Articles


Articles

Indonesian Cinema as Part of The World Cultural Heritage

In his remarks on the film Lewat Djam Malam or After the Curfew (Director: Usmar Ismail, 1954), legendary director Martin Scorcese said that the film was “an eye opener”. Scorsese, as the founder of the World Cinema Foundation, became involved in the restoration of the film halfway through the laboratory process from August 2011 to early to 2012. World Cinema Foundation’s decision to help fund the restoration ofLewat Djam Malam marks the film as an important part of world cinema heritage.

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Naming

It was a ship’s doctor who gave a name to Indonesia. In 1861, Adolf Bastian, from Bremen in Germany, was sailing in Southeast Asia. Later he wrote a few books. One of them became widely read: Indonesien oder die Inseln des Malayischen Archipels, 1884-1894. And it was from this book that ‘Indonesia’ began to be widely used to name the archipelago.

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Where is the World Literature?

About four decades ago, literary critic H. B. Jassin said that Indonesian literature is part of world literature. These days, we must admit that he’s right about one thing: world literature is ours and it is part of contemporary Indonesian literary life. Especially in a state of “globalization” like today. At the very least, by having access to “world literature”, our writers can have a benchmark against which to measure their creations and evaluations.

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Making a New Conversation (Preface from Goenawan Mohamad)

For Indonesia, to be the Guest of Honour of the Frankfurt Book Fair is to jump into the circle of visibility. Indonesia, especially its works of contemporary arts and literarture, is virtually out of sight in Germany and the rest of Europe.

Theoritically, it is impossible to overlook a country of 250 million people living in 17,000 islands.

But this is the paradox of our time. Distances shrink as the world being closely connected by the internet, but the map is continuously highlighted by the remote control of the high and the mighty.

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Translation Funding Program

LitRI Translation Grant

LitRI is a program intended to foster the translation of Indonesian literature and other works about Indonesian culture into foreign languages. Run by the National Book Committee of Indonesia’s Ministry of Education and Culture, LitRI provides financial assistance to foreign publishers who have purchased translation rights for works of Indonesian literature and other titles of literary quality (including fiction, nonfiction, children's books, and comic books).

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Island of Writing

Modern Indonesian literature—most precisely literature written in the Indonesian language—can be perceived as the consistent effort to free storytelling from the realm of the spoken word. This journey toward the peak of accomplishing a literary culture has been accomplished in stages. Yet there is irony within it. Modern Indonesian literature is an island of writing within a sea of oral tradition.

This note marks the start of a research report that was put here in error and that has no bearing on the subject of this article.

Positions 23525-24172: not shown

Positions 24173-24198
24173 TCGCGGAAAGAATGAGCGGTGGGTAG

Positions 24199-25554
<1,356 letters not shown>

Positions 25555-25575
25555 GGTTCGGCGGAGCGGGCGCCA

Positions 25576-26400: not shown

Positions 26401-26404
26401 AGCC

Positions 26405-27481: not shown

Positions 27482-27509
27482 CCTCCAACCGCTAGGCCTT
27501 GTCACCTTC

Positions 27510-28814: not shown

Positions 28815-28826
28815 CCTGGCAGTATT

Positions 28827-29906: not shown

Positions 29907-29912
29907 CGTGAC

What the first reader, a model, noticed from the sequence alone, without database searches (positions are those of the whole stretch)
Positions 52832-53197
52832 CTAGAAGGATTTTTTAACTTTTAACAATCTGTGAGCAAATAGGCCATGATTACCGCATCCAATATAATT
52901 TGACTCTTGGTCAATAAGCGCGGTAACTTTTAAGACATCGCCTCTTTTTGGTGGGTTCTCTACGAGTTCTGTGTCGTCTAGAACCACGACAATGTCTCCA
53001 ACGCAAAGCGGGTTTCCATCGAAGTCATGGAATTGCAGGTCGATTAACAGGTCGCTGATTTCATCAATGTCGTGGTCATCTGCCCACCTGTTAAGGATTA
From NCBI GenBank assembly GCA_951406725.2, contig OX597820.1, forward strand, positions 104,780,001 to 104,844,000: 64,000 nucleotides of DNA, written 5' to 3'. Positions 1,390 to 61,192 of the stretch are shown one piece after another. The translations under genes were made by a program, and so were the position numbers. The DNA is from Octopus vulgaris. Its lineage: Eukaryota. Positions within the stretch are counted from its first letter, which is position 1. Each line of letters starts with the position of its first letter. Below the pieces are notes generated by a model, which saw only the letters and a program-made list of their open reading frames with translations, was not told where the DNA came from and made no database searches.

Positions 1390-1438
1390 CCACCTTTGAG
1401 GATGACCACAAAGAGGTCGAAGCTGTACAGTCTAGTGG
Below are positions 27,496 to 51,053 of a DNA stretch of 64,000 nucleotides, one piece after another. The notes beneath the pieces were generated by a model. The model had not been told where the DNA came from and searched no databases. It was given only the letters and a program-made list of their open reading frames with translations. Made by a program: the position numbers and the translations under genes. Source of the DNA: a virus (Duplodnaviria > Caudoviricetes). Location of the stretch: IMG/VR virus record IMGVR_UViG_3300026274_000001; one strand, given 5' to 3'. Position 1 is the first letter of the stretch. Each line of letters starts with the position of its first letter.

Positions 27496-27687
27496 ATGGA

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A Fledgling Democracy: Indonesia in 2015

Indonesia’s transition to democracy started in 1998 after the fall of Suharto who ruled the country for 32 years. Not long after that, coincidentally, the global war on terrorism also started at about the same time as Indonesia struggles to consolidate its fledgling democracy. Being a country with a Muslim majority population and a new democracy at a time when the two are seen as being incompatible with each other has brought Indonesia into a new level of international attention.

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Indonesia’s Love Affair With Social Media, How Long Will It Last?

A common nightmare scenario for most Jakartans: a rainy Friday night with seemingly endless traffic jams when all you want is just to get home from work.

Many usually just give up and choose to start home when the traffic dies down, or to stop by somewhere for dinner or to hang out with friends before deciding to go home.

During this scenario, 30-minute travel time can easily become 2-3 hours of horrendous traffic, if you are lucky.

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Indonesia, the World’s Metal Nation

One of the most interesting international reactions upon Joko Widodo’s victory as the president of Indonesia for 2014-2019 came from the world’s metalheads. Randy Blythe, the front man of Lamb of God –one of Joko Widodo’s favorite metal bands– enthusiastically congratulated and informed through his Instagram: “This is the world’s first heavy metal president, and might be the only one who is openly a metalhead”.

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Clara Ng: Urban World and Fairy Tales

Clara Ng is a successful writer in both metropop and children’s literature genre. She is one of the faces of contemporary publishing in Indonesia. In this 2000 era when the metropop genre is popular in Indonesia, an independent urban woman who is very involved in the public field often emerged as an archetype character.

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